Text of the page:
November 23rd, 2017
On November 22, 2017, Andrew Winton participated in a panel discussion at an Advocates’ Society continuing legal education program entitled “Evidence for Litigators”. The panel discussed “Viva Voce Evidence and Advanced Issues”.
November 9th, 2017
Ian Matthews and Fahad Siddiqui have authored an article in the Annual Review of Civil Litigation, a leading publication cited regularly by appellate courts across Canada. Their article is Much Ado About § 1782: Compelling American Discovery for Use in Canadian Class Actions. The frequency with which Canadian class actions are linked to people or events in the United States, coupled with the availability of ex parte evidence-gathering tools for international litigants under U.S. federal law, suggests that Canadian courts will increasingly be called upon to address the circumstances in which American discovery evidence can be compelled for use in Canadian proceedings. According to Justice Todd Archibald, the editor of the Annual Review, the article is a “must read for all class action counsel and commercial litigators with cross-border practices”.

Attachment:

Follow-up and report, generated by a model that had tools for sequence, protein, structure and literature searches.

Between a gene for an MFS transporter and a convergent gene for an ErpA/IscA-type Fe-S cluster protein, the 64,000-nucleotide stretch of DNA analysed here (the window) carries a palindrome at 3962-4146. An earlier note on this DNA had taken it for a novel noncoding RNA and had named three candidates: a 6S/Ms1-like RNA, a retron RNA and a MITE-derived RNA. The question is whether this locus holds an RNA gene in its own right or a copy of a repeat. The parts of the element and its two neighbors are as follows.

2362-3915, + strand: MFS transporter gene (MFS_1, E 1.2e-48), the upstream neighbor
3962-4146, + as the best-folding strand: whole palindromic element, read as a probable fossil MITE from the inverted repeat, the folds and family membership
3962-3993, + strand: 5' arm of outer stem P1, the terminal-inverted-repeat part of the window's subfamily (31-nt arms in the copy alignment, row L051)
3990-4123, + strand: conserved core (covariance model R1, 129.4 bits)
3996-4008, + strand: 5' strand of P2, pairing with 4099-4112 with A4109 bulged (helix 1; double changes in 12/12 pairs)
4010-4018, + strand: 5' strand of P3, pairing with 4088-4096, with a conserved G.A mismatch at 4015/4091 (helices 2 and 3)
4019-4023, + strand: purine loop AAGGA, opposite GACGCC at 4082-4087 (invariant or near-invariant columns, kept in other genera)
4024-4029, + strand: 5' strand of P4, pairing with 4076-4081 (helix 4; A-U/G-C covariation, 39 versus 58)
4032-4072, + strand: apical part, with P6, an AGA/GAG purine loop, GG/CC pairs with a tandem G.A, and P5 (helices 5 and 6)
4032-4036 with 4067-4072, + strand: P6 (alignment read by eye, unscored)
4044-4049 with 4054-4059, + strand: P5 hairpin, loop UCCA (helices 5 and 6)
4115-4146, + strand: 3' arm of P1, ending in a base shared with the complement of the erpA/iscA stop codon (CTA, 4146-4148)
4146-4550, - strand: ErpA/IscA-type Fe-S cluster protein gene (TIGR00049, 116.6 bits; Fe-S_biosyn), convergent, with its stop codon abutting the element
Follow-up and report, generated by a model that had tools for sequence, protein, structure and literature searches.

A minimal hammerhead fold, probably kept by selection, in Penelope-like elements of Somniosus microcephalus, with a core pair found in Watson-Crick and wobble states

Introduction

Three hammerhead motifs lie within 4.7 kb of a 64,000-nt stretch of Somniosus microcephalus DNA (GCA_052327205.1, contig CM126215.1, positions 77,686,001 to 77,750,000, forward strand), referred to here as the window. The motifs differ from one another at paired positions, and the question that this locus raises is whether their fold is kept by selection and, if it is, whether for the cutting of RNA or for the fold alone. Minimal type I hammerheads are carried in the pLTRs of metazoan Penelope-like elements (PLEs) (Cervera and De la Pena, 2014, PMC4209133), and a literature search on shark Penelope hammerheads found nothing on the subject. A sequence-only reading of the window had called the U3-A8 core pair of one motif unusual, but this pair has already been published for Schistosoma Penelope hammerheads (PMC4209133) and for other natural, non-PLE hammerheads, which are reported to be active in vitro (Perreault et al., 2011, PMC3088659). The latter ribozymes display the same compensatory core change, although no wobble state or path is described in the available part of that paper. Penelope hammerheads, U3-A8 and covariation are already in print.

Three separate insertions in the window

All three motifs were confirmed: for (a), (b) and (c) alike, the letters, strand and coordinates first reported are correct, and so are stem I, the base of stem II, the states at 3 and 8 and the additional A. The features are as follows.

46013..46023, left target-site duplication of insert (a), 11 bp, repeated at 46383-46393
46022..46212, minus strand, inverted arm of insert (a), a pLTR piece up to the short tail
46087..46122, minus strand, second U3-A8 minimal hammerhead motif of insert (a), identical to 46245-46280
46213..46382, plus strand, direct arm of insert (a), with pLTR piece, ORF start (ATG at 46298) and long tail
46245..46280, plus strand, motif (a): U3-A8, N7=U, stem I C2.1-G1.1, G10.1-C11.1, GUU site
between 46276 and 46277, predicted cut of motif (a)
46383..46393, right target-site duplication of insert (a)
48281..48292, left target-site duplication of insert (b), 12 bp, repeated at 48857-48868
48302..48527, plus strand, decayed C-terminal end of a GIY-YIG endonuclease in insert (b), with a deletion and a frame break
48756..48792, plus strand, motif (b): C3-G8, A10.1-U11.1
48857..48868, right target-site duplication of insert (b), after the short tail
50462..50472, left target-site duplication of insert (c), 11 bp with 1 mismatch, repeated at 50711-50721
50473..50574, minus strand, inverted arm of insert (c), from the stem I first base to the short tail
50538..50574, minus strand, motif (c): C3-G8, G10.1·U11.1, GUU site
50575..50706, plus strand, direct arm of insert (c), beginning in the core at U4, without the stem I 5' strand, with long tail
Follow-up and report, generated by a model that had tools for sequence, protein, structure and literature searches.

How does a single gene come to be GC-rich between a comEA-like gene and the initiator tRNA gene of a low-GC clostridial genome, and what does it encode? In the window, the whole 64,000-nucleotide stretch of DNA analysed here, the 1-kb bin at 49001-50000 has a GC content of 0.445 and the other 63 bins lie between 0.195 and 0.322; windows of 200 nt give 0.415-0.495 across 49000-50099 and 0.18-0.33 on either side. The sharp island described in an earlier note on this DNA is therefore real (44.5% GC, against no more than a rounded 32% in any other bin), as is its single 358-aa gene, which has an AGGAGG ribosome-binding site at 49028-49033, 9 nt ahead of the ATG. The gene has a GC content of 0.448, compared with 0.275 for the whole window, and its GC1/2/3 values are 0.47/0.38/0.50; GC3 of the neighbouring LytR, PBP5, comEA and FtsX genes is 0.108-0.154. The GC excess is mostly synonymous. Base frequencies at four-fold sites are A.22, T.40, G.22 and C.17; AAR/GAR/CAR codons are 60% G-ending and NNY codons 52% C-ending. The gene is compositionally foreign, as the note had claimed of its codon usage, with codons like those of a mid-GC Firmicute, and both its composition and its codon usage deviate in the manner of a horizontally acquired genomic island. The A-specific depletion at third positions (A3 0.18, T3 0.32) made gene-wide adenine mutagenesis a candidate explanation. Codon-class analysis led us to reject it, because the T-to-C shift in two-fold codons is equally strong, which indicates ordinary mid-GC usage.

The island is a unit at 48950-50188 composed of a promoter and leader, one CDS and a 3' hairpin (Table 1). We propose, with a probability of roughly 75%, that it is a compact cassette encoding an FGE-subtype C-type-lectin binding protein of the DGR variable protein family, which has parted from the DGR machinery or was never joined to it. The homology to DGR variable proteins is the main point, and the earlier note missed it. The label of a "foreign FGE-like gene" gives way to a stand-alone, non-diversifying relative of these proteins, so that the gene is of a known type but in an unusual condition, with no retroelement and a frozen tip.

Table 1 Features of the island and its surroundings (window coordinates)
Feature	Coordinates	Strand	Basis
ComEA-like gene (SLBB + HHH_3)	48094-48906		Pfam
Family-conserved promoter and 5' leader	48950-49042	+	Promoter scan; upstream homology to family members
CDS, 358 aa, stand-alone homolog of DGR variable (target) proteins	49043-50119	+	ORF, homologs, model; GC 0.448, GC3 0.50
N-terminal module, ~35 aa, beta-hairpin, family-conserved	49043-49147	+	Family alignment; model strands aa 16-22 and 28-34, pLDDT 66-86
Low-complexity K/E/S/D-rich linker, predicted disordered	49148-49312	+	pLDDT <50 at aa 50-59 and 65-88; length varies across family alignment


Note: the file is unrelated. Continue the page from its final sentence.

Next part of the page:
November 5th, 2017
Terry O’Sullivan and Matt Law will represent The Advocates’ Society of Ontario as an intervener in Joseph Peter Paul Groia v. Law Society of Upper Canada, an important case on what constitutes uncivil conduct in a courtroom. The appeal is scheduled to be heard in the Supreme Court of Canada on November 6, 2017.
November 2nd, 2017
Matthew Law co-authored an article on computer forensic investigations and protecting corporate interests. The article is published in HR Reporter magazine. To read the article, click on the following link: http://www.hrreporter.com/dex-solutions-departing-employees
October 26th, 2017
On October 19, 2017, the Superior Court dismissed a motion brought by the Province of Ontario and others to stay CourtCanada Ltd.’s $12,000,000 action for breach of contract, negligent misrepresentation and deceit shortly before the 40-day trial of the action was set to commence.
The Court agreed that, contrary to Ontario’s submissions, CourtCanada’s evidence was “uncontradicted” and that there was insufficient evidence to justify a stay or trial counsel’s removal from the record.
Matthew Gottlieb and Fahad Siddiqui successfully represented CourtCanada on the motion.
The decision of the Superior Court of Justice can be accessed here.